In research and clinical work, AHA and mini-AHA is commonly used in unilateral CP from the age of 8 months–18 years of age [
      • Louwers A.
      • Beelen A.
      • Holmefur M.
      • Krumlinde-Sundholm L.
      Development of the assisting hand assessment for adolescents (Ad-AHA) and validation of the AHA from 18 months to 18 years.
      ,
      • Greaves S.
      • Imms C.
      • Dodd K.
      • Krumlinde-Sundholm L.
      Development of the Mini-Assisting Hand Assessment: evidence for content and internal scale validity.
      ]. The AHA consists of 20 age-appropriate test activities that describe object related hand actions, scored on a four-point rating scale. The AHA gives sum scores that are converted to AHA-units, ranging from 0 to 100 (100 being the best) [
      • Holmefur M.
      • Krumlinde-Sundholm L.
      • Eliasson A.C.
      Interrater and intrarater reliability of the assisting hand assessment.
      ]. AHA has shown excellent psychometric properties [
      • Krumlinde-Sundholm L.
      • Holmefur M.
      • Kottorp A.
      • Eliasson A.C.
      The Assisting Hand Assessment: current evidence of validity, reliability, and responsiveness to change.
      ]. During an AHA -evaluation the child will always be seated in a stable position in front of a table and be filmed when handling a range of objects according to a standardized method [
      • Krumlinde-Sundholm L.
      • Holmefur M.
      • Kottorp A.
      • Eliasson A.C.
      The Assisting Hand Assessment: current evidence of validity, reliability, and responsiveness to change.
      ]. In this study, we report AHA units, when available, for the children at age 5 years ± 6 month.

      2.2.3 Participants

      From the available database we collected; sex, Gross Motor Function Classification System (GMFCS), and Manual Ability Classification System (MACS) levels (ranging from 1 to 5, highest functioning in level 1), additionally, the laterality of the affected hand was identified from the films.

      2.3 Procedure

      2.3.1 Rating of dystonia

      We used the definition of dystonia as a movement disorder that is characterized by sustained or intermittent muscle contractions causing abnormal, often repetitive movements, postures, or both [
      • Albanese A.
      • Bhatia K.
      • Bressman S.B.
      • Delong M.R.
      • Fahn S.
      • Fung V.S.
      • et al.
      Phenomenology and classification of dystonia: a consensus update.
      ]. For the upper extremity, these may include the specific stereotyped finger, wrist, and elbow, postures, and movements that are often present in dystonia as described by Sanger et al. [
      • Sanger T.D.
      • Ferman D.
      Similarity of involuntary postures between different children with dystonia.
      ]. From the digital recordings we observed if we could identify dystonia in CP with characteristic involuntary and/or distorted voluntary movements, and abnormal postures due to sustained muscle contractions in the affected hand during activities, were identified [

      Surveillance of Cerebral Palsy in Europe (scpe). Reference and training manual [internet] [cited 2021 July 21]. Available from: https://eu-rd-platform.jrc.ec.europa.eu/scpe/reference-and-training-manual_en.

      ]. Specifically, we reviewed the digital recordings for dystonia in the distal arm, including the forearm, the wrist, and the hand. The duration of dystonia during different types of hand activities was scored as absent (0), clearly present during less than 50% of the activities [

      Surveillance of Cerebral Palsy in Europe (scpe). Reference and training manual [internet] [cited 2021 July 21]. Available from: https://eu-rd-platform.jrc.ec.europa.eu/scpe/reference-and-training-manual_en.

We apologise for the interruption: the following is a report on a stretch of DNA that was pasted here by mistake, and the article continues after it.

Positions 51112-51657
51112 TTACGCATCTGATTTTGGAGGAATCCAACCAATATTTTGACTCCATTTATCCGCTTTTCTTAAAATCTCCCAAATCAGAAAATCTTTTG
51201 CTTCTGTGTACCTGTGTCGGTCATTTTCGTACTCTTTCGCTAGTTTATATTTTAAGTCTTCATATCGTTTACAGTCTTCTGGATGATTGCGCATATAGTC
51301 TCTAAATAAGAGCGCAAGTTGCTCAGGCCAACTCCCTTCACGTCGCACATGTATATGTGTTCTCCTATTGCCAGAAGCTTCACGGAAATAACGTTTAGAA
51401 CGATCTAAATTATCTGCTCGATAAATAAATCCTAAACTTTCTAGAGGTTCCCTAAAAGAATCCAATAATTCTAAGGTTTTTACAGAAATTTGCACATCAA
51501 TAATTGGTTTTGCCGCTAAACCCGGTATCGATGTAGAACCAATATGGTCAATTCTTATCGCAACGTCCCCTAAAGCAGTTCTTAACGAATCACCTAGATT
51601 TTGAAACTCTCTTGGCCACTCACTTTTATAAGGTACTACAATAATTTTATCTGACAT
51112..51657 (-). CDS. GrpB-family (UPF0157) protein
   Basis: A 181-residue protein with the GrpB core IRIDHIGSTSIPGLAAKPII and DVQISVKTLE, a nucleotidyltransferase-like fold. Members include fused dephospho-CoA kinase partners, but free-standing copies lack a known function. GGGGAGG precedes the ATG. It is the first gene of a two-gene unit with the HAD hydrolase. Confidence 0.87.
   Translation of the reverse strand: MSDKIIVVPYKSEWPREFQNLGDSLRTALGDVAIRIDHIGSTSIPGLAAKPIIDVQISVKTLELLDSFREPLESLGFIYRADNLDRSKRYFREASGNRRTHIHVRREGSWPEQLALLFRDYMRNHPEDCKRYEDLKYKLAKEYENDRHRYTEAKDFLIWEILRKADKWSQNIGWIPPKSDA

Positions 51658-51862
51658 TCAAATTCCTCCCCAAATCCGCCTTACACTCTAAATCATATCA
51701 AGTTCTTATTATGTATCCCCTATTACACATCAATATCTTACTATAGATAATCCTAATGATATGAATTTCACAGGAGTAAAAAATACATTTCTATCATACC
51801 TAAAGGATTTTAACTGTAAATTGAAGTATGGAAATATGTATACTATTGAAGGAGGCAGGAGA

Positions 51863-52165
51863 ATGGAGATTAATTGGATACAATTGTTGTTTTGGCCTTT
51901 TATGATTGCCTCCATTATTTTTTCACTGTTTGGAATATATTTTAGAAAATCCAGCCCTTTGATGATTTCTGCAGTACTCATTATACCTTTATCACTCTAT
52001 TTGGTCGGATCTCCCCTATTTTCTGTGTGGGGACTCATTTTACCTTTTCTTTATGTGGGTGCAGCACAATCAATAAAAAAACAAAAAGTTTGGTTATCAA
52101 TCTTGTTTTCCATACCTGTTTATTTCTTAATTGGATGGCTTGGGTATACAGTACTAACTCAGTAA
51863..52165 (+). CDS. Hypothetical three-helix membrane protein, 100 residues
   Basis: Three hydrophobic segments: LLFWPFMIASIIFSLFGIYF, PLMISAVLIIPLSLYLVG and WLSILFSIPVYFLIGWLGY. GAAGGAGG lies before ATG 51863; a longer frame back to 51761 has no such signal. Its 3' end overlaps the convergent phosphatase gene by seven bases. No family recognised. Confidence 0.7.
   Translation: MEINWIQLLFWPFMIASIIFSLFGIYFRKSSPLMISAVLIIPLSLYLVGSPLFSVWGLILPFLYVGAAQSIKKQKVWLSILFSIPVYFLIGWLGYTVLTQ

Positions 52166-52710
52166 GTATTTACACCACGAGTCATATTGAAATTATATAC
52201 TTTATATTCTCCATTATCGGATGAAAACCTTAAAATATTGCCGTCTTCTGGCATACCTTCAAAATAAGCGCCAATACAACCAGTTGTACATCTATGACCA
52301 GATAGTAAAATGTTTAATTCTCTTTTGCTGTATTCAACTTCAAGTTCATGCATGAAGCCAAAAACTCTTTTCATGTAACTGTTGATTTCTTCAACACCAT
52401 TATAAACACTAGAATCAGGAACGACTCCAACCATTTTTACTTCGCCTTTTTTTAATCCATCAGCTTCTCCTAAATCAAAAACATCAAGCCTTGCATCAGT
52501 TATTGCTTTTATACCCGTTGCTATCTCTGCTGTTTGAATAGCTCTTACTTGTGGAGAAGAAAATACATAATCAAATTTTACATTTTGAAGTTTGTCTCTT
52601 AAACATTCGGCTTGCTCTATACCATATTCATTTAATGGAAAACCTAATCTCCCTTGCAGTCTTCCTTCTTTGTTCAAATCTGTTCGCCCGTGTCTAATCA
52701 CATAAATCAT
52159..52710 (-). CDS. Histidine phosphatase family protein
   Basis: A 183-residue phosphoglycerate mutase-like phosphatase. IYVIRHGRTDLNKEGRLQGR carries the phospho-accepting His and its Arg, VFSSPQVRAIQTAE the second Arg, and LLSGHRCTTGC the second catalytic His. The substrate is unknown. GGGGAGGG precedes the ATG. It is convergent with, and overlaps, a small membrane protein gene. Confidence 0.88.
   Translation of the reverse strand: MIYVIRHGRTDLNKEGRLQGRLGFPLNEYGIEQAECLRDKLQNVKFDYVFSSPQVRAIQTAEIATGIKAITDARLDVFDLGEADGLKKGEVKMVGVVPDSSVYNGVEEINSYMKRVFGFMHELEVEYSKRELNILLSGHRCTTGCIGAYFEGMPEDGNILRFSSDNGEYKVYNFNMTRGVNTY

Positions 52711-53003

], or present during 50% or more of activities [
      • Monbaliu E.
      • de Cock P.
      • Ortibus E.
      • Heyrman L.
      • Klingels K.
      • Feys H.
      Clinical patterns of dystonia and choreoathetosis in participants with dyskinetic cerebral palsy.
      ].

      2.3.2 Rating of choreoathetosis

      If choreoathetosis of the distal arm was observed, this was noted as present or absent and not quantified. In CP this is dominated by hyperkinesia and hypotonia. The muscle tone is mostly decreased but fluctuating and constantly changing with fragmented or contorting movements [

      Surveillance of Cerebral Palsy in Europe (scpe). Reference and training manual [internet] [cited 2021 July 21]. Available from: https://eu-rd-platform.jrc.ec.europa.eu/scpe/reference-and-training-manual_en.

      ]. For unspecific, or very brief signs of dystonia and choreoathetosis, or if visible only during one specific activity (such as finger hyperextension only when reaching to grasp an object) we had a “benefit of doubt approach” and rated 0 or no clear dystonia/choreoathetosis.

      2.3.3 Reviewing videos

      For all children included in the study, a minimum of one available digital recording (film) after four years of age was required. A large proportion of the recordings made during the first part of the period had utilized VHS or CD/DVD type of videos that had not been digitally converted. These videos could not be reviewed.
      We reviewed the films and assessed the presence or absence of dystonia, and if present the duration during activity. All films were jointly assessed and screened by all authors, three senior clinicians, and researchers with many decades of experience in all types of CP, and other movement disorders, such as inherited dystonia. For all children, we started with the most recent film, meaning that there were no later available for that specific individual, and the age of the child was documented. This method was chosen since dystonia, in clinical practice, is often considered to develop at a later age than for example spasticity and also to be more easily identified at an older age. If we identified dystonia in the most recent film, we proceeded to evaluate the earliest available film for that child, to identify the youngest age when dystonia was clearly recognized. If a child that had dystonia at an older age did not display dystonia in the first film made at a lower age, we continued reviewing all films chronologically for that child until the dystonia appeared in order to identify the age when dystonia could be first observed.